Monday, July 14, 2008
It's fun writing this post because I hear Mimi having a giggle fit. She and Sarah are playing hide and seek in the room. It is the first she has really let go and enjoyed herself and it makes us all smile to hear it.
When we first arrived in Bhubaneswar, I was enchanted by the stone work in the hotel. The simple white walls are set off by carved sandstone borders and standstone grills in the walls, and panels set into the walls with carvings of women dancers, a dance famous in this area.
The sandstone is beautiful because it holds an array of colors, striations within each block before it is carved, that become accents within the carving.
We had one neat "tour" day in Orissa. Though we got to see some simply amazing temples - one Buddhist and one Hindu, the highlight for me was visiting with some stone carvers.
On our drive from the Buddhist temple, we saw a small house with some 5 foot long blocks of stone outside and stopped the cab. The driver thought no one was there, but I heard hammering, and went to explore. Sure enough, three men behind a woven screen wall, sitting in semi darkness, were at work on sculptures with large wooden mallets and metal chisels.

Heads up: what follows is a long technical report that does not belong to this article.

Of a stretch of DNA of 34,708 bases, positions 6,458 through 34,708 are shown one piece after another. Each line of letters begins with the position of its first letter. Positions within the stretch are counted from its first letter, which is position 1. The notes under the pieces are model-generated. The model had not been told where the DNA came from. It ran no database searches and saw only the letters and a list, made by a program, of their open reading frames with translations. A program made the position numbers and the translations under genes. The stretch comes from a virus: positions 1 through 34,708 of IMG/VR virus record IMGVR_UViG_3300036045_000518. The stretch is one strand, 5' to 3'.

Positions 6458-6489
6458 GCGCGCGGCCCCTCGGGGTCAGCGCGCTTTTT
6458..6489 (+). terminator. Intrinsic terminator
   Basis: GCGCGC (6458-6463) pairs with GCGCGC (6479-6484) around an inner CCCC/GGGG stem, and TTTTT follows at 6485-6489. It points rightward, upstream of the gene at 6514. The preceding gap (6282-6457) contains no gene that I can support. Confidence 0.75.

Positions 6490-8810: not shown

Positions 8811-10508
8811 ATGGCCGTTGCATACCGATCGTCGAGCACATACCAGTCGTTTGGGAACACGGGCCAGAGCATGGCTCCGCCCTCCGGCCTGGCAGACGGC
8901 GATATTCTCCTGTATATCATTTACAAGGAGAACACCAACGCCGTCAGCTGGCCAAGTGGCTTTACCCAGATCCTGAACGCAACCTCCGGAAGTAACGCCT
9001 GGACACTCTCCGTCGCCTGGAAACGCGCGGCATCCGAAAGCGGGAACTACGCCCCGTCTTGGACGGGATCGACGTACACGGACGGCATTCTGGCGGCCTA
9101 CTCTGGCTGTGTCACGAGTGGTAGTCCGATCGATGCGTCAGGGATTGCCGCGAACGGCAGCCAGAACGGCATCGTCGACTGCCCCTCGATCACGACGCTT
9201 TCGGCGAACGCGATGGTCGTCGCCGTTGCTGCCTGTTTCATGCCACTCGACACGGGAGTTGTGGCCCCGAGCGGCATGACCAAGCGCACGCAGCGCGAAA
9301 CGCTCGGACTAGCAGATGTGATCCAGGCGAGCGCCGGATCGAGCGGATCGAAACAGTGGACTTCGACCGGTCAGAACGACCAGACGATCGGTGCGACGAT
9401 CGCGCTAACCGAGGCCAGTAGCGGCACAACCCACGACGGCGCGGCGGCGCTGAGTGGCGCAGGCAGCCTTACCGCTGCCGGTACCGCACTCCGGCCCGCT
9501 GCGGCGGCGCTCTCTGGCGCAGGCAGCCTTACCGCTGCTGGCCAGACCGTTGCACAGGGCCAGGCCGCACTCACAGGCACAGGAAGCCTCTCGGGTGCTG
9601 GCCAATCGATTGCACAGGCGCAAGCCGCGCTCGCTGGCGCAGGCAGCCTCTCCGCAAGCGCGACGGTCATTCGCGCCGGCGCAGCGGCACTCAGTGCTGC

They were kind, and let me take photos, and shared with us the process. First, they buy a block of stone for roughly 3,000 rupies ($75). Four to five men work on the stone for a month, and when it is finished, they sell it for 15,000 rupies ($375). Works out to less than 40 cents an hour, if they are working 40 hour weeks.
They don't seem to be pickey about which faith they carve for. Hindu gods like Ganesh, dancers, animals and Budda lay about in various stages of birth from the stones.
Also, the ubiquitous wheel, symbol of time, is in most of the carvings and art here. We missed going to see the temple with the wheels, located on the beach, and a celebration that looked pretty exciting. People near a large temple in Cuttack (home of the orphanage) were decorating carts and cars to parade each night that we left there.